"A million times a day I try to fail or fail to try" "I used to hear a lot... like the slow dull burn/ Of paper and tobacco and the bad breath smoke singin'/ Hey man, lemme tell you a joke./ Well what's attached to a leash that it made itself?/ The punchline is the way that you've been fuckin' yourself." "There's proof painted on the roof and I hate it"Basically, I chose to create few haggard ramblers and use alcohol as representation of failing and truth (thus the signs). Weird, pretentious art stuff I'm sure but figured I'd toss in somewhat of an explanation for the piece. That art thing in Lawrence Jon was talking about is called CLASS // OF \\ ASTRA, which takes place at the Bottleneck on Saturday, July 18. You can find a bunch of information on it here. You can find Jon Hunter's work at both his website and Facebook page.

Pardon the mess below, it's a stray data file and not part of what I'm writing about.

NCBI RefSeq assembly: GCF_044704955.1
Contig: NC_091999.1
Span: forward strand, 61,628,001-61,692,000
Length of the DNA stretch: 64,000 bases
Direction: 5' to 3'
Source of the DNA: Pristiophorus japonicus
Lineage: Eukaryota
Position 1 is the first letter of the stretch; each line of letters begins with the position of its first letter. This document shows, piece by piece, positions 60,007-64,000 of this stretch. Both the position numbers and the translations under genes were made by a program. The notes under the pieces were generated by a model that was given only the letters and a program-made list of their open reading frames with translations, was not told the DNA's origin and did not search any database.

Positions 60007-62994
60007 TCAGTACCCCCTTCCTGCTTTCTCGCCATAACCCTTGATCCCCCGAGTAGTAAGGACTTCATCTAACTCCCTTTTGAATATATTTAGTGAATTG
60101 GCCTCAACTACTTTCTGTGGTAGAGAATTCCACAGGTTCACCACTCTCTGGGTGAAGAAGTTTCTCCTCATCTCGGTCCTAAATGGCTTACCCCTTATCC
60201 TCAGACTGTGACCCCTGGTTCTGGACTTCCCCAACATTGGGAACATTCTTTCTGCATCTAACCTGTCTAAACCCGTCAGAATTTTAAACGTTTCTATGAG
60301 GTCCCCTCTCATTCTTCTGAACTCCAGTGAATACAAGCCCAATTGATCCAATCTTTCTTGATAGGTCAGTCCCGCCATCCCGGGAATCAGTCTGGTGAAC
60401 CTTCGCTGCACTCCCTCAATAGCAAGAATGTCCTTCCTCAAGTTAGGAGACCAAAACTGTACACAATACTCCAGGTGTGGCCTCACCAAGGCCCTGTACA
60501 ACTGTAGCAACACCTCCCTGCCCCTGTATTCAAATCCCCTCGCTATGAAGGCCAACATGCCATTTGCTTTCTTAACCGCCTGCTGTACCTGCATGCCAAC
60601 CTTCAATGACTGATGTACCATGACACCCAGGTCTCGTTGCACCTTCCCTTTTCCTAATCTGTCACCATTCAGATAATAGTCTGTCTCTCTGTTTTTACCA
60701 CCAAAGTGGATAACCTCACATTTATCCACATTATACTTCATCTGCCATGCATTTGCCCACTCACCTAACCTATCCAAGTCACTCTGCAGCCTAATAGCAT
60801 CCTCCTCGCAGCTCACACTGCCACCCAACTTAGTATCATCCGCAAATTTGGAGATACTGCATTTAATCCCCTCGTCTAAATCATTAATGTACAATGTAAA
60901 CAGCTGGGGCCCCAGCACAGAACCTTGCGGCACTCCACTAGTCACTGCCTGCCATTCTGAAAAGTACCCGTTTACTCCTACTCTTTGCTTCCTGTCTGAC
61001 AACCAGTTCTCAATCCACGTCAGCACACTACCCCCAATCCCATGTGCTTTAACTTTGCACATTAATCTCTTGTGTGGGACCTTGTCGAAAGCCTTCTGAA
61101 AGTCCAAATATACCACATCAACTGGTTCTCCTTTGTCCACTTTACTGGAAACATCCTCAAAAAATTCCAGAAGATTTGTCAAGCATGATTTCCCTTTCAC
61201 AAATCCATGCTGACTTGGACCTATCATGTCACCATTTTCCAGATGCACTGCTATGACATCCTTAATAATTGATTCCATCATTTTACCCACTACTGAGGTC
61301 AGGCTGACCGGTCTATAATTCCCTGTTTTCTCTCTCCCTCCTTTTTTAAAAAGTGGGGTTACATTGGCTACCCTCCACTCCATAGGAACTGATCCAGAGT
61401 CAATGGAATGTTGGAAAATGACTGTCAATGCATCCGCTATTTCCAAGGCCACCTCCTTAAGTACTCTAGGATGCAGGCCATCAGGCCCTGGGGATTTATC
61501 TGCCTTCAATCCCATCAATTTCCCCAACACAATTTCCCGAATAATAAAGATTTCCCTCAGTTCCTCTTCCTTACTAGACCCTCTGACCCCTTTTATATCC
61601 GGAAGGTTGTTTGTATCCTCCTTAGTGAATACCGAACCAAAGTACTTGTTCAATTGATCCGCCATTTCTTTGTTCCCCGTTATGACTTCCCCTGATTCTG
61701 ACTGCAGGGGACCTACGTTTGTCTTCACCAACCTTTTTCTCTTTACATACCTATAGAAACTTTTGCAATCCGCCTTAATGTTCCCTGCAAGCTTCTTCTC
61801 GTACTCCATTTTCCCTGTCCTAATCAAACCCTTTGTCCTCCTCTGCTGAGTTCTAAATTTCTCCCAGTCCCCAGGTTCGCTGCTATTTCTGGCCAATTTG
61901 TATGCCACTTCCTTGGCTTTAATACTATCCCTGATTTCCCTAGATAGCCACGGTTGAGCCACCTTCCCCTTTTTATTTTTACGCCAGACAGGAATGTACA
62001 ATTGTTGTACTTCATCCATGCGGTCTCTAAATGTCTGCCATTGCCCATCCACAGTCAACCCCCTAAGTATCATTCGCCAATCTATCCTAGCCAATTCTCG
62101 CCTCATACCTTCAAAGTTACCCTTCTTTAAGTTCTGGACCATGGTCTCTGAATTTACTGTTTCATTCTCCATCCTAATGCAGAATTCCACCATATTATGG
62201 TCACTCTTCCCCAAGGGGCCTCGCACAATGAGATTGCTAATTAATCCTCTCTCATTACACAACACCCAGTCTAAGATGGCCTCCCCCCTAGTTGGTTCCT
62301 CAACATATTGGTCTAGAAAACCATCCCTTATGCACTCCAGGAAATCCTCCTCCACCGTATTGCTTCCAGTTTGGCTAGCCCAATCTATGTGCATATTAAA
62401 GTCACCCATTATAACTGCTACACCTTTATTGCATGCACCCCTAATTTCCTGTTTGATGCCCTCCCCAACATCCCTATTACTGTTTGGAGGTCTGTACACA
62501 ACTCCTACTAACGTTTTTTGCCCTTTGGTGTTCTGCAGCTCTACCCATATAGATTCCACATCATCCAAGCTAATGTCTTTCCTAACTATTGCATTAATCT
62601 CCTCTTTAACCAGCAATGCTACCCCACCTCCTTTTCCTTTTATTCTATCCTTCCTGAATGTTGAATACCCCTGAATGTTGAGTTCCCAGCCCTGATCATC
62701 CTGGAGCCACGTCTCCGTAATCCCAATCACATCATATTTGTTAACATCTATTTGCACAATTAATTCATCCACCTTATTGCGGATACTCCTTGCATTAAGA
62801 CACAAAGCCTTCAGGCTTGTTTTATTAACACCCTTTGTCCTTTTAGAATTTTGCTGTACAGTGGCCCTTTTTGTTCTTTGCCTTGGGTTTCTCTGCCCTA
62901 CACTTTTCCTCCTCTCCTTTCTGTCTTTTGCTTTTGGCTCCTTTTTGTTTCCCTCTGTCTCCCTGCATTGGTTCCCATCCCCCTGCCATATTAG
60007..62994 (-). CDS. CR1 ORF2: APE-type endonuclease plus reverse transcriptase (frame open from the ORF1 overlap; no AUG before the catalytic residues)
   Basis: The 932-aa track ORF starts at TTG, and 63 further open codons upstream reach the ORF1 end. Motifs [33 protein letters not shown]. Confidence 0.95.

Celebrity Art Party is a semi-occurring feature, wherein the artists we enjoy interpret their favorite song. This installment features one of our favorite artists, and a long-ago former co-worker of mine, Jon Hunter. Hunter's long been a supporter of the punk scene, be it around the Kansas City and Lawrence areas, or in Madison, where he now resides. He's also the first artist to explain the process behind his piece, so check that out at the end. Song title: "The Ramblin' Boys of Pleasure" Artist: The Lawrence Arms Version of song (live, album, remix, etc.): from The Greatest Story Ever Told (2003) [embed]https://www.youtube.com/watch?v=qUUl4jCDqQs[/embed] Why this song? The Lawrence Arms have always been a favorite band of mine and "The Ramblin' Boys" is definitely my favorite song of theirs. The lyrics of the song just seem to strike a chord with me (no music pun intended, or is it?) every time I hear it. When did you first hear it? The first time I heard it was around the time that particular album came out so I was around 18-19 at the time. A bit of an impressionable lad at the time. How does music such as this inspire you in your work? I'd have to say that all music impacts my work, no matter the genre. Sometimes I like to use something that's a bit out there to get into a different headspace or using something heavy with rhythm to set a groove to how I work. Stuff specifically like this song helps me get into the headspace of trying to take an honest approach to what I'm working on and introduce a level of emotion. Often in my personal work I try to work around themes of imperfections and sometimes emotionally charged pieces and a song like this really helps get me there. One thing to note is that I work both in physical in digital mediums. Music like this is more impacting of my non-digital work (usually pencil, ink, watercolor type work). How has this song changed for you since you first heard it? These days, I suppose it now carries a bit of a nostalgia factor to it. Taking me back to seeing the Lawrence Arms live or old friends that share a love of the tune. I definitely look at some of the lyrics a bit differently now as well due to experiences in my own life and how I relate to them. What upcoming projects do you have? Currently, I just finished showing work along side many fantastic artists at the Yellow Rose Gallery here in Madison, WI for the month of May. In the last year, I've started Drink & Draw events here, done flyer design for various local establishments, did the cover art for the Horror & Hope EP by The Havok on Polaris (Lawrence, KS), and began participating in the Art Nest events at The Cardinal Bar in Madison. At the moment, I am talking with a few local comedians about projects and doing flyer design for specific events. A friend in Lawrence is also talking with me about participating in an upcoming music/art show in mid-July. My biggest project right now is just trying to get my work out there more. Also, just a little on the illustration: I chose to go off the lyrical content of the song, focusing on the a few lines from the beginning such as: